fully_coherent_search_using_MCMC.md 4.12 KB
Newer Older
1
2
3
4
# Fully coherent search using MCMC

In this example, we will show the basics of setting up and running a MCMC
search for a fully-coherent search. This is based on the example
5
6
[fully_coherent_search_using_MCMC.py](../example/fully_coherent_search_using_MCMC.py).
We will run the search on the `basic` data generated in the
7
8
9
10
11
12
13
14
15
16
17
18
19
20
21
22
23
24
25
26
27
28
29
30
31
32
33
34
35
36
37
38
39
40
41
42
43
44
45
46
47
48
49
50
51
52
53
54
55
56
57
58
59
60
61
62
63
64
65
66
67
68
69
70
71
72
73
74
75
76
77
78
79
80
81
82
83
84
85
[make_fake_data](make_fake_data.md) example.

First, we need to import the search tool, in this example we will use the
`MCMCSearch`, but one could equally use `MCMCGlitchSearch` with `nglitch=0`.
To import this,

```python
from pyfstat import MCMCSearch
```

Next, we define some variables defining the exact parameters of the signal
in the data, and the start and end times:

```python
F0 = 30.0
F1 = -1e-10
F2 = 0
Alpha = 5e-3
Delta = 6e-2
tref = 362750407.0

tstart = 1000000000
duration = 100*86400
tend = tstart = duration
```

Now, we need to specify out prior. This is a dictionary containing keys for
each variable (in the `MCMCSearch` these are `F0`, `F1`, `F2`, `Alpha`, and
`Delta`). In this example, we choose a uniform box in `F0` and `F1`:

```python
theta_prior = {'F0': {'type': 'unif', 'lower': F0*(1-1e-6), 'upper': F0*(1+1e-6)},
               'F1': {'type': 'unif', 'lower': F1*(1+1e-2), 'upper': F1*(1-1e-2)},
               'F2': F2,
               'Alpha': Alpha,
               'Delta': Delta
               }
```
Each key and value of the `theta_prior` contains an instruction to the MCMC
search. If the value is a scalar, the MCMC search holds these fixed (as is the
case for `F2`, `Alpha`, and `Delta` here). If instead the value is a dictionary
describing a distribution, this is taken as the prior and the variable is
simulated in the MCMC search (as is the case for `F0` and `F1`). Note that
for `MCMCSearch`, `theta_prior` must contain at least all of the variables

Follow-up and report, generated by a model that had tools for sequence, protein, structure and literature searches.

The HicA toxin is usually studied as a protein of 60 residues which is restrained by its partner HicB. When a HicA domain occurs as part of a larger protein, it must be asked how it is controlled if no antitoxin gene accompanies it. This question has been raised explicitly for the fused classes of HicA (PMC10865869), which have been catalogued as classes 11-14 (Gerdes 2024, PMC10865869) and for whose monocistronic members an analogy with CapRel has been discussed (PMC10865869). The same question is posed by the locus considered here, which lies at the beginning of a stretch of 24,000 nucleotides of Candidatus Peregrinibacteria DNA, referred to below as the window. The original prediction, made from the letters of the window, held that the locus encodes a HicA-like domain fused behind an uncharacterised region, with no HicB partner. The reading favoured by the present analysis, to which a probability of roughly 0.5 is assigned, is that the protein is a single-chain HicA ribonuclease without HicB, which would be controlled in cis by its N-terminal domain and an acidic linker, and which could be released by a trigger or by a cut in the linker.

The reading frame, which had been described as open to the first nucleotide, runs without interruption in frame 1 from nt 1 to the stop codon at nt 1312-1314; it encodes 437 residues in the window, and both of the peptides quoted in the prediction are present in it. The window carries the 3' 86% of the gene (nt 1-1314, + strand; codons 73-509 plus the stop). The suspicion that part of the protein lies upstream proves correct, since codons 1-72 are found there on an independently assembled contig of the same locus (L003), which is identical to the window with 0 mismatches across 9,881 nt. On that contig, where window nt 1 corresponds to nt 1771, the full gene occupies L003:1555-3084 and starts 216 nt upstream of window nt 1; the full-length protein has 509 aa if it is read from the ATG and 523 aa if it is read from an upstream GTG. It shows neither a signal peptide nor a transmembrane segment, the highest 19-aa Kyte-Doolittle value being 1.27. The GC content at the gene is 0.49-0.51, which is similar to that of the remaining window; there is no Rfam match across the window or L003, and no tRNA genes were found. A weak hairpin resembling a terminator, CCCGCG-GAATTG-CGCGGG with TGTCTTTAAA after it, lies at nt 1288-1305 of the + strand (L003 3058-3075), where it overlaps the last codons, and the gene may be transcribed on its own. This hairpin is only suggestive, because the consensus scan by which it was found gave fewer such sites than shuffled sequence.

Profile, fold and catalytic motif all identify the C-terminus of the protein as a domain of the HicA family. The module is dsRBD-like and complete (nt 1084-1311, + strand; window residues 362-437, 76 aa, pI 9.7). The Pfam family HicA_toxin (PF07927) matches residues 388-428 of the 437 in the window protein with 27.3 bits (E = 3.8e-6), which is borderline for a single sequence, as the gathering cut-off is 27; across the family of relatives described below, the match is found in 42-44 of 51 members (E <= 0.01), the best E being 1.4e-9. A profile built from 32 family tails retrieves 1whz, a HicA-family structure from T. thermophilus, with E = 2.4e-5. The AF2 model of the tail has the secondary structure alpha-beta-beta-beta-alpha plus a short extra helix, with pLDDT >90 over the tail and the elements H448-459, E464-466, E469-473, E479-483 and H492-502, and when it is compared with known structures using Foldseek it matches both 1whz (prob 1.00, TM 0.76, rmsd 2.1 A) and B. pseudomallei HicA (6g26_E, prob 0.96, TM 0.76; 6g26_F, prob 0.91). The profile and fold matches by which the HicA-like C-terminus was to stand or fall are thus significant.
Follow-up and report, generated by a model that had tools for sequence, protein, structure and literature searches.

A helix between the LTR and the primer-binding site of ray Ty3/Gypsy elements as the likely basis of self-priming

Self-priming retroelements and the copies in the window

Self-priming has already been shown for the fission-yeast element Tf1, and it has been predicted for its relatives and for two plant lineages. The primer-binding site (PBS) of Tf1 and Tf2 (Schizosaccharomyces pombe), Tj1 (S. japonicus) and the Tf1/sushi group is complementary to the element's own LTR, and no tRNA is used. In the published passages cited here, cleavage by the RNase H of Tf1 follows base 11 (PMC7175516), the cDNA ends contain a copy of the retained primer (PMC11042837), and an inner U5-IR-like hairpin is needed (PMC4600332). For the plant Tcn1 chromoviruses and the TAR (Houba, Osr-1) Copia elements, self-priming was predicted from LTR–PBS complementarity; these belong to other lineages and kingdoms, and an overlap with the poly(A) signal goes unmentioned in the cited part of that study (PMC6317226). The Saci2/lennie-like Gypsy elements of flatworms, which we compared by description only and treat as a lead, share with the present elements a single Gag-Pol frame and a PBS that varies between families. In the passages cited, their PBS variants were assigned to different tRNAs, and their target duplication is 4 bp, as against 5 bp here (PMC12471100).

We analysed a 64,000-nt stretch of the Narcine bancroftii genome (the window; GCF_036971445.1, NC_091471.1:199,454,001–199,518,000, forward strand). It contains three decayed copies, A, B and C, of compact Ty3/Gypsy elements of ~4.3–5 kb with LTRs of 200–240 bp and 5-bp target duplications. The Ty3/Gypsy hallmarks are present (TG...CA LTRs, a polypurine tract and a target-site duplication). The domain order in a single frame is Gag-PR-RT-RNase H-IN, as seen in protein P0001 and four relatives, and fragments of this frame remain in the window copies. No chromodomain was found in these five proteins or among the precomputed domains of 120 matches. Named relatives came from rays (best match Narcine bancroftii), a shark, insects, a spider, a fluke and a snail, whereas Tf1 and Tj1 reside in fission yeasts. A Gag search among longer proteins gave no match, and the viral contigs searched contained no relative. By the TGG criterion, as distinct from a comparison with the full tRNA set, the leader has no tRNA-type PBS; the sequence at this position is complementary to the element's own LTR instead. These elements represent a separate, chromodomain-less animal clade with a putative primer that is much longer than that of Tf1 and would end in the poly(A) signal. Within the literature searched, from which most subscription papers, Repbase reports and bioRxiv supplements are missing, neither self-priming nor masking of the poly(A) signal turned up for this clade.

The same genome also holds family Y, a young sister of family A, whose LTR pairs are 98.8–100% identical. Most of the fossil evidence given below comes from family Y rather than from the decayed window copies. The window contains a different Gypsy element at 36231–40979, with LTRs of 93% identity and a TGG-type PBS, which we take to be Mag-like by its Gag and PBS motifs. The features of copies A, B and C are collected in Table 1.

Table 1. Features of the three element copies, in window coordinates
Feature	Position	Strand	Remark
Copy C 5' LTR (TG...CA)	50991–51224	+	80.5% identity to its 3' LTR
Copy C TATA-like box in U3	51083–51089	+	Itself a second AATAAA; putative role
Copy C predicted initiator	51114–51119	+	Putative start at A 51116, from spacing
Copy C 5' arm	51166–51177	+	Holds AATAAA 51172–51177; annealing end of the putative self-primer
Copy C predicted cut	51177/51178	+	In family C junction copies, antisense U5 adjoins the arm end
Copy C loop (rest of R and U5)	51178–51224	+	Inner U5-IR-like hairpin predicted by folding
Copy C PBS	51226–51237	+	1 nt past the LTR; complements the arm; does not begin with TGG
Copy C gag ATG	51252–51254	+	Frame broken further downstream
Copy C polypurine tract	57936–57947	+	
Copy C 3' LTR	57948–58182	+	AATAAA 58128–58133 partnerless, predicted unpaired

given here (even if they are zero), and if `binary=True`, it must also contain
the binary parameters.

Next, we define the parameters of the MCMC search:

```python
ntemps = 4
log10temperature_min = -1
nwalkers = 100
nsteps = [1000, 1000]
```

These can be considered the *tuning parameters* of the search. A complete
discussion of these can be found [here](tuning_parameters.md).

Passing all this to the MCMC search, we also need to give it a label, a
directory to save the data, and provide `sftfilepath`, a string matching
the data to use in the search

```python
mcmc = MCMCSearch(label='fully_coherent_search_using_MCMC', outdir='data', 
                  sftfilepath='data/*basic*sft', theta_prior=theta_prior,
                  tref=tref, tstart=tstart, tend=tend, nsteps=nsteps,
                  nwalkers=nwalkers, ntemps=ntemps,
                  log10temperature_min=log10temperature_min)
```

To run the simulation, we call

```python
mcmc.run()
```

This produces two `.png` images. The first is the position of the *walkers*
during the simulation:
86
![](img/fully_coherent_search_using_MCMC_walkers.png)
87
88
89
90
This shows (in red) the position of the walkers during the burn-in stage. They
are initially defuse (they start from positions randomly picked from the prior),
but eventually converge to a single stable solution. The black is the production
period from which posterior estimates are made. The bottom panel is a histogram
91
of `twoF`, split for the production period. Note that, early on there are
92
93
94
95
96
97
98
99
100
101
multiple modes corresponding to other peaks, by using the parallel tempering,
we allow the walkers to explore all of these peaks and opt for the strong
central candidate.

To get posteriors, we call

```python
mcmc.plot_corner()
```
which produces a corner plot
102
![](img/fully_coherent_search_using_MCMC_corner.png)
103
104
105
106
107
108
109
110
111
112
113
114
115
116
117
118
119
120
121
122
illustrating the tightly constrained posteriors on `F0` and `F1` and their
covariance. Furthermore, one may wish to get a summary which can be printed
to the terminal via

```python
mcmc.print_summary()
```
which gives the maximum twoF value, median and standard-deviation, in this case
this is
```
Summary:
theta0 index: 0
Max twoF: 1771.50622559 with parameters:
  F0         = 2.999999874e+01
  F1         = -9.999802960e-11

Median +/- std for production values
  F0         = 2.999999873e+01 +/- 6.004803009e-07
  F1         = -9.999801583e-11 +/- 9.359959909e-16
```